While my mom's hair dryer was a standard style, I've had an ionic model for as long as I can remember doing my own hair . . . but is there any real advantage to that buzz word?
My latest science research found that ionic dryers bond water droplets on the hair shaft with negatively charged ions. It works because, well, opposites attract. Water molecules are positively charged and are attracted to the negative ions from this dryer. This breaks them down into tinier particles that dry quicker and helps seal the strands' cuticles to retain moisture in the process.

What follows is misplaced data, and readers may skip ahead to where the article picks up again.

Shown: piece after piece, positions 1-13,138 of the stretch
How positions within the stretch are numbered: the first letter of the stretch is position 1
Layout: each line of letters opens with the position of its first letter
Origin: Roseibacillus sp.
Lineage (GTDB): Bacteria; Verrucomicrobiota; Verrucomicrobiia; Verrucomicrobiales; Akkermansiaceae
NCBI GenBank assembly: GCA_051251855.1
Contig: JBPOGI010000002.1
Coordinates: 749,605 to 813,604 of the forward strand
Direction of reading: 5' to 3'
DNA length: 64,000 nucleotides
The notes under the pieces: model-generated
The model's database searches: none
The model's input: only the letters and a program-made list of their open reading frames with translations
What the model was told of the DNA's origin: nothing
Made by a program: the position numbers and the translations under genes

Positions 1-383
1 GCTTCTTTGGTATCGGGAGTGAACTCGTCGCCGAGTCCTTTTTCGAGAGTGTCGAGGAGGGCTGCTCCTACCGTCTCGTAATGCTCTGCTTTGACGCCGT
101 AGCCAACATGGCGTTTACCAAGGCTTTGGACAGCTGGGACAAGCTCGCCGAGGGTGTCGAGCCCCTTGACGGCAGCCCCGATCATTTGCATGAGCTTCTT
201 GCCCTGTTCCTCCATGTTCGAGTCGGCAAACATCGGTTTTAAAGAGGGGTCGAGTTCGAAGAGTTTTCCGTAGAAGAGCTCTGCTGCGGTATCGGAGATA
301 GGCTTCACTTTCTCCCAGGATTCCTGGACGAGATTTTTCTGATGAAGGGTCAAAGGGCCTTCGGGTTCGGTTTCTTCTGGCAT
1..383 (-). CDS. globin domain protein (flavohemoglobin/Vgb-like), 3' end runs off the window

Learn the key difference with standard hair dryers when you read more.
Although the claims that ionic dryers work better aren't scientifically proven per se, traditional hair dryers release positive ions instead of negative ones. This means they don't have the benefit of attracting and breaking down the water as quickly, which logically exposes your hair to more heat for more time. We know the damage too much heat can bring, since that opens up hair cuticles and can result in drier, frizzier hair.
Part of it could be clever marketing, but this kind of dryer still works – and sells – better for many people, including myself. If you have both, grab your lab coat (read: bathrobe) and test this out for yourself before sharing results in the comments below!